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Year : 2018  |  Volume : 22  |  Issue : 2  |  Page : 283-286

The goitrous Salting Madonnas: Iconography of goiter in religious portraits

1 Department of Plastic Reconstructive and Aesthetic Surgery, Villa Salaria Clinic, Rome, Italy
2 Department of Plastic and Reconstructive Surgery, University of Rome Tor Vergata, Rome, Italy

Correspondence Address:
Davide Lazzeri
Department of Plastic Reconstructive and Aesthetic Surgery, Villa Salaria Clinic, Rome
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Source of Support: None, Conflict of Interest: None

DOI: 10.4103/2230-8210.232366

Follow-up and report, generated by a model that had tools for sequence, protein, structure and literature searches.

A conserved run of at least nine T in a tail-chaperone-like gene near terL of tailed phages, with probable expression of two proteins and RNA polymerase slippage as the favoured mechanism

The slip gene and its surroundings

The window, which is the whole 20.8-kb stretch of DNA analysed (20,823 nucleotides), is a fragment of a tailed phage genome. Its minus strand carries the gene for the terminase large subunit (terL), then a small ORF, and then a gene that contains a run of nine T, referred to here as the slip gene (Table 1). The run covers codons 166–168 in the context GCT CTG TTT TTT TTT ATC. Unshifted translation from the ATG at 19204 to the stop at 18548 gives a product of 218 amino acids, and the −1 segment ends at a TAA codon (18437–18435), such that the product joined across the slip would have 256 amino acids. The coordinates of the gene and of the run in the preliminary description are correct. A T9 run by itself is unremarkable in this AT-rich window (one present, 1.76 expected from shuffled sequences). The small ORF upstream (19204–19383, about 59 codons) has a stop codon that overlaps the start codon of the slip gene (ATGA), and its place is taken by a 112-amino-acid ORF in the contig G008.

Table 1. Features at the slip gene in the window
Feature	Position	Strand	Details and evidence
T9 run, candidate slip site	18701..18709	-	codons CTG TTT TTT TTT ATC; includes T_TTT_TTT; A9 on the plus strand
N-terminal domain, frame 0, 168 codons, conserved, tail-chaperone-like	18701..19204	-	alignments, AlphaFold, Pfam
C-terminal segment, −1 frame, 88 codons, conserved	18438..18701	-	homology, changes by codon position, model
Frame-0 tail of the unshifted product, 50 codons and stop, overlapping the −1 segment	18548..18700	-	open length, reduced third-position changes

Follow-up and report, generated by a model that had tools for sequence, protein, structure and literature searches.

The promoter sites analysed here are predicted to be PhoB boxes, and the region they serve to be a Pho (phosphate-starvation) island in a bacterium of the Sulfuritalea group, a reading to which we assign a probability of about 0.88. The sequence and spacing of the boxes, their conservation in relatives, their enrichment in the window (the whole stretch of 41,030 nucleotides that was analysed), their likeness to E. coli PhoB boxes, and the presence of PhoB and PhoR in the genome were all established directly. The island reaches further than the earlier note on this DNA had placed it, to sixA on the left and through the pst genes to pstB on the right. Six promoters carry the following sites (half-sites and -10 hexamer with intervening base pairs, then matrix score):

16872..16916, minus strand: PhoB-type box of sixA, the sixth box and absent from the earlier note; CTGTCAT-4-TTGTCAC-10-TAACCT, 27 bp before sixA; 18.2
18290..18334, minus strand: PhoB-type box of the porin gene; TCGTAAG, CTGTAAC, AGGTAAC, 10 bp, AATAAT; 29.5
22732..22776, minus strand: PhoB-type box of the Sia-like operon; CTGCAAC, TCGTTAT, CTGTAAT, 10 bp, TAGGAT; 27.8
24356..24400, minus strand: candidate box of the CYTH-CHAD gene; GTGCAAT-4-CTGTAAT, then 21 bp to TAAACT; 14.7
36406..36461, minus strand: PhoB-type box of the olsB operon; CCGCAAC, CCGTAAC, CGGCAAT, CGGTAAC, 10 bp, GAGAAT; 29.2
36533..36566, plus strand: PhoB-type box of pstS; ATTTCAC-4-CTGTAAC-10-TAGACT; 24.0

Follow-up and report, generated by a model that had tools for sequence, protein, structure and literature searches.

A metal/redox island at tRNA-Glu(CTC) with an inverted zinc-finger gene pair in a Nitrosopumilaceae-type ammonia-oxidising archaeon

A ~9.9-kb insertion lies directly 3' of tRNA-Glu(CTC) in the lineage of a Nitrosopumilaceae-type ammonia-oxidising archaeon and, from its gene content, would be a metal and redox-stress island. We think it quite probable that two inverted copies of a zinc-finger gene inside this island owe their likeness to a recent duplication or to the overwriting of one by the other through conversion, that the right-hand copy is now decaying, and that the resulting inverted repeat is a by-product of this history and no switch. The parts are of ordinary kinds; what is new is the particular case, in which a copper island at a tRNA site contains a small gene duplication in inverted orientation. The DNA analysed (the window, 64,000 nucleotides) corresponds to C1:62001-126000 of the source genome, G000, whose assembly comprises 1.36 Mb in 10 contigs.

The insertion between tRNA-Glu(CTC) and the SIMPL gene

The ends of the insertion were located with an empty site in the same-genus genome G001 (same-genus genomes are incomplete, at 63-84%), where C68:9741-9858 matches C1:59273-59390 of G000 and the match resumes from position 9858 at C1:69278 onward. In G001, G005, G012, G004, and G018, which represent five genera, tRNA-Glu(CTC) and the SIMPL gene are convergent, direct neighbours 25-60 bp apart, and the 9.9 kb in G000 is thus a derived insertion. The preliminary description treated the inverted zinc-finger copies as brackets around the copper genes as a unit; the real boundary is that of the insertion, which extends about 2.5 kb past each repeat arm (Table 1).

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Introduction: George Salting was an art collector, who bequeathed his collection of paintings to the National Gallery of London. The present investigation has revealed five portraits of five different artists belonging to this collection in which the Holy Mother holding the child has been portrayed with a variable grade of thyroid gland enlargement. The name Salting, applied to the Madonnas with child by Antonello da Messina, Robert Campin, Dirk Bouts, Cima da Conegliano, and Andrea del Verrocchio, denotes George Salting, the collector who donated the masterworks to the gallery in 1910. Materials and Methods: The five paintings were analyzed to determine the accuracy of the diagnosis of neck swelling and the underlying iconographical significance of this depiction, which is relatively uncommon in religious artworks. Results: The present investigation highlighted an abnormal profile of the neck of the Virgin Mary, which is suggestive of a presumptive medico-artistic diagnosis of goiter. The inclusion of thyroid swelling in a holy sitter is relatively uncommon and is related to specific meanings that the painter wanted to illustrate in the work, the reasons for which are herein discussed. Conclusions: It seems likely that the integration of the goiter in the paintings is a stylistic hallmark. Indeed, the depiction of a slight neck enlargement is most probably a rhetorical tendency of representing an idealized female beauty, especially in holy sitters, imbued by a balanced neck and graceful body. At the same time, it probably also reflects better anatomic accuracy and knowledge of Renaissance artists applied toward a more realistic and precise representation of subjects.

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